• The focus-assist function comes in handy during manual-focus operation. This, coupled with the image magnification and target shift functions, simplifies manual-focus shooting.
• An AF function button/lever has been newly added to the camera’s back panel. When the lever is set to the Continuous AF (C-AF) mode, the user can capture a series of images of a moving subject — all in sharp focus — by pushing the shutter release button while depressing the AF button. The user can also choose an optional setting, in which the continuous shooting mode is automatically activated while the C-AF button is pressed.
• The GR features the PENTAX-original Shutter-speed/Aperture-Priority (TAv) exposure mode, featured only in PENTAX-branded digital SLR cameras. This innovative mode automatically sets the optimum ISO sensitivity based on the shutter speed and aperture selected by the photographer.
• Aperture and shutter speed indicators have been added to the monitor screen. The layout of on-screen indicators has also been optimized to the 3:2 aspect ratio, with redesigned grid guide and electronic level. All these combine in the GR’s greatly upgraded usability.
• Although it incorporates a large-aperture lens, the GR features a built-in lens barrier mechanism that automatically opens and closes the barrier as the power is switched on and off. This allows the user to react swiftly to all photographic opportunities.
5. An array of shooting functions
• The Image Effect modes allow the user to add a variety of visual effects to create distinctive expressions without the need for a PC. For greater creativity, three new modes have been added for the GR: Retro for a nostalgic ambience with subdued saturation; High Key for a bright, lively result while retaining subtle gradation in highlights; and Miniaturize for a diorama-like appearance, popular in the CX-series models. Selection of the nine Image Effect modes is pushbutton-easy, with the direct-access Effect button positioned on the camera’s side panel.
• The precision of the Multi-pattern AWB (auto white balance) function has been upgraded to automatically achieve more faithful colour reproduction by more clearly defining white balance to fit the light source of each segregated area of the image when there are mixed light sources.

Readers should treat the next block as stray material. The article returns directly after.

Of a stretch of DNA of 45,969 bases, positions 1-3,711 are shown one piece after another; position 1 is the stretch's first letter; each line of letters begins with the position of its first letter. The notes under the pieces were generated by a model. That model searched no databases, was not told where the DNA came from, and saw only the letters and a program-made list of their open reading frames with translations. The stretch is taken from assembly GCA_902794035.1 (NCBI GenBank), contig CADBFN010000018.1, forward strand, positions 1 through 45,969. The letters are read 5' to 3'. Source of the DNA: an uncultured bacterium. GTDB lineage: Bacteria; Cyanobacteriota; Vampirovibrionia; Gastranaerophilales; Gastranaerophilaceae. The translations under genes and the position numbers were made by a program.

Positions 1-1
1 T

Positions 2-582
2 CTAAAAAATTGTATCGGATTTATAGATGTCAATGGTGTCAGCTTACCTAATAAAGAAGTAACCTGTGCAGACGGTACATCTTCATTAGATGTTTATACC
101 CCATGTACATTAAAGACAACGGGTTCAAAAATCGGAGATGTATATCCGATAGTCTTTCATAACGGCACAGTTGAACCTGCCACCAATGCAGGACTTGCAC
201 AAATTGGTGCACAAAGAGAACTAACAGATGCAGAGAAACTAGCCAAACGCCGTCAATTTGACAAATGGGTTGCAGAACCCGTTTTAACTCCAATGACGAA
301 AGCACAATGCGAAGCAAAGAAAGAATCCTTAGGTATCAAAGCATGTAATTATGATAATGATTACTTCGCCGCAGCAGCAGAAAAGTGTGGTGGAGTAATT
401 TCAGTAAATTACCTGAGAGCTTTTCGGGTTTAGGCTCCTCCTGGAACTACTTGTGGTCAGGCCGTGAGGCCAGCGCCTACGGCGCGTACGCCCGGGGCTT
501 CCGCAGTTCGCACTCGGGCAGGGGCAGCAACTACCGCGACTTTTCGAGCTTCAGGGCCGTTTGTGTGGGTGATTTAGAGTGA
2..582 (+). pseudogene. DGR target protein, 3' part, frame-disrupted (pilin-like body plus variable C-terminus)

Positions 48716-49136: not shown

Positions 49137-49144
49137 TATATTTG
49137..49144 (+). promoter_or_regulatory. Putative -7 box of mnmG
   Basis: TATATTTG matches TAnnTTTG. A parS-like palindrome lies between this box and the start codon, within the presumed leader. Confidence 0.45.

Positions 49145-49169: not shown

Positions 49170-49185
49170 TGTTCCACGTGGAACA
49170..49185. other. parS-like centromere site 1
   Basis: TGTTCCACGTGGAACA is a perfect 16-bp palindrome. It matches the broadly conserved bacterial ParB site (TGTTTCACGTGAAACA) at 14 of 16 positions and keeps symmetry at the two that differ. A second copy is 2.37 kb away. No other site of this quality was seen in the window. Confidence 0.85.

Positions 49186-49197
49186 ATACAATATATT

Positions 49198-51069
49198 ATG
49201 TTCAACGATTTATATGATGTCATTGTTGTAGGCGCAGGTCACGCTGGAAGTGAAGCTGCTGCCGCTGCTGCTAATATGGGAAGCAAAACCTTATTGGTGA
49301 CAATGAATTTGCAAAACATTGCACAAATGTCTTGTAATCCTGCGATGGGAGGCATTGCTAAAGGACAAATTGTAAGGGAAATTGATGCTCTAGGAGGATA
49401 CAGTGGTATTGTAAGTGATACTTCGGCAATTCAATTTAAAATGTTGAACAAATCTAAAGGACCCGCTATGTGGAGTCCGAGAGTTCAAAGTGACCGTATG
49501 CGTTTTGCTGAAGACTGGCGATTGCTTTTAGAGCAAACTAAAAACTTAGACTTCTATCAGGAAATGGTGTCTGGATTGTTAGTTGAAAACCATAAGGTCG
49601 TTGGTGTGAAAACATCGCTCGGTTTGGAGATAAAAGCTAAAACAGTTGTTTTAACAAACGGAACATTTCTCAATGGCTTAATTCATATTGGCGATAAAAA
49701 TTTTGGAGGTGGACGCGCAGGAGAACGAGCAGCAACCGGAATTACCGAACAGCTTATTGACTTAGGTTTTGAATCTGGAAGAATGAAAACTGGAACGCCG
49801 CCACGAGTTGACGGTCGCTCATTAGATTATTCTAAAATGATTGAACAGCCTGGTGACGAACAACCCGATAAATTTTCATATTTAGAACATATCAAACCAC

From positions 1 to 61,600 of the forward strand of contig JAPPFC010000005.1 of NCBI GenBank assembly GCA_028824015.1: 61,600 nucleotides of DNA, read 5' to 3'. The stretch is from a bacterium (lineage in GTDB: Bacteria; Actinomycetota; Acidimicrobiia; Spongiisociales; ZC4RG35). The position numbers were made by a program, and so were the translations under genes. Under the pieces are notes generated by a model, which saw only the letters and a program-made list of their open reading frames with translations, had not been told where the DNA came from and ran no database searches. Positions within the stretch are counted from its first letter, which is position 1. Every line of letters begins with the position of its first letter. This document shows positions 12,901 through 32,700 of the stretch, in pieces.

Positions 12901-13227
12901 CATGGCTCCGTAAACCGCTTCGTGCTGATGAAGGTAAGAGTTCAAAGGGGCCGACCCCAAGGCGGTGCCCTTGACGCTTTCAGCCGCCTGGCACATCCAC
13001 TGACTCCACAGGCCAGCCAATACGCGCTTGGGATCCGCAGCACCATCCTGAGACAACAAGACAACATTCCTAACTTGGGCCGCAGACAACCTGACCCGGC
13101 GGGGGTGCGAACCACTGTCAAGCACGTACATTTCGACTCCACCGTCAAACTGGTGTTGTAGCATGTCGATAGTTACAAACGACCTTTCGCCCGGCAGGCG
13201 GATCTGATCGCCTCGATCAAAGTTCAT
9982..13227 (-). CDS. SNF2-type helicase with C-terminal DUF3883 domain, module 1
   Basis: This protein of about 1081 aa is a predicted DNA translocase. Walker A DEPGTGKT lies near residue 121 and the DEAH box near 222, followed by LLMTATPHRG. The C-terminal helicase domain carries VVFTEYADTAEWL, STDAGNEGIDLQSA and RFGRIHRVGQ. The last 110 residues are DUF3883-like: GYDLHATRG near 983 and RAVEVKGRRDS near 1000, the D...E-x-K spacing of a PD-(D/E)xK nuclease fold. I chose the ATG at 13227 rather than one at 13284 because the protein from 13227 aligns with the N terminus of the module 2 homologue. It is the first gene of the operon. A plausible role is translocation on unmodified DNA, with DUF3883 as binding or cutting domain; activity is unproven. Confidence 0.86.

• The Dynamic Range Compensation function, which minimizes completely washed-out highlights and pitch-black shadows, now offers pixel-level compensation to almost eliminate borders along the luminance threshold areas and achieve the smoother transition of gradation.
• Even when the user fails to set the macro shooting mode, the GR’s Auto Macro function will set it automatically by monitoring the distance to the subject. The Face Detection AF & AE function automatically captures the subject’s face in sharp focus and with perfect exposure. (These functions are available only in the Auto shooting mode.)
• The Interval Composite mode captures a series of images of the night sky at a fixed interval, then selects and combines only the high-luminance pixel data from each of those images to produce a single composite image. This mode comes in handy when the user wishes to combine the trails of the moon and the stars with a landscape.
• GR offers a variety of PC-free image processing functions, including in-body RAW-data development to output JPEG-format files.
6. High-quality Full HD recording of extended movie clips
Taking advantage of the H.264 video format, the GR’s Full HD movie recording function captures high-quality, extended movie clips (1920 x 1080 pixels, 16:9 aspect ratio) at a frame rate of 30 frames per second. Image Effects such as Retro and Bleach Bypass are available during movie recording. During recording, its AF system remains active and the camera continuously focuses subjects in the centre of its angle of view. With this AF mechanism, the user is always assured of sharp focus, along with the high image quality delivered by the combination of the GR Lens and the large image sensor.
7. Eye-Fi card compatibility for easy image transmission to smartphones
With Eye-Fi wireless LAN SD memory cards, the user can automatically transmit recorded images to a smartphone,** and even select favorite images and resize them before transmission. In the playback mode, the user can also recall the transmitted images on the monitor using the Effect button on the side panel.
** The automatic transmission mode must be selected in advance on the settings menu.
8. Function expansion via firmware upgrade
Function-enhancing firmware upgrades, which have been popular with all GR-series models — from the GR DIGITAL to the GR DIGITAL IV — are scheduled to become available along the way for the new GR as well. By upgrading the camera’s firmware, the user can always take advantage of the latest, most advanced functions to optimize the camera’s performance.
9. Other features
I. Dual-axis electronic level for high-precision horizontal and vertical alignment
II. Non-directional stereo microphone
III. Crop mode*** for instant setting of a 35mm angle of view in the 35mm format
IV. Chromatic moiré compensation function to minimize wavy moiré patterns inthe image
V. Optional GW-3 Wide Conversion Lens (with 0.75X magnification and optics optimized for the GR) for 21mm ultra-wide-angle shooting
VI. Compatibility with UHS-1 high-speed memory cards
VII. SILKYPIX Developer Studio 3.0 LE for PENTAX RICOH IMAGING RAW-data processing software (developed by Ichikawa Soft Laboratory) included; in-body RAW-data development also available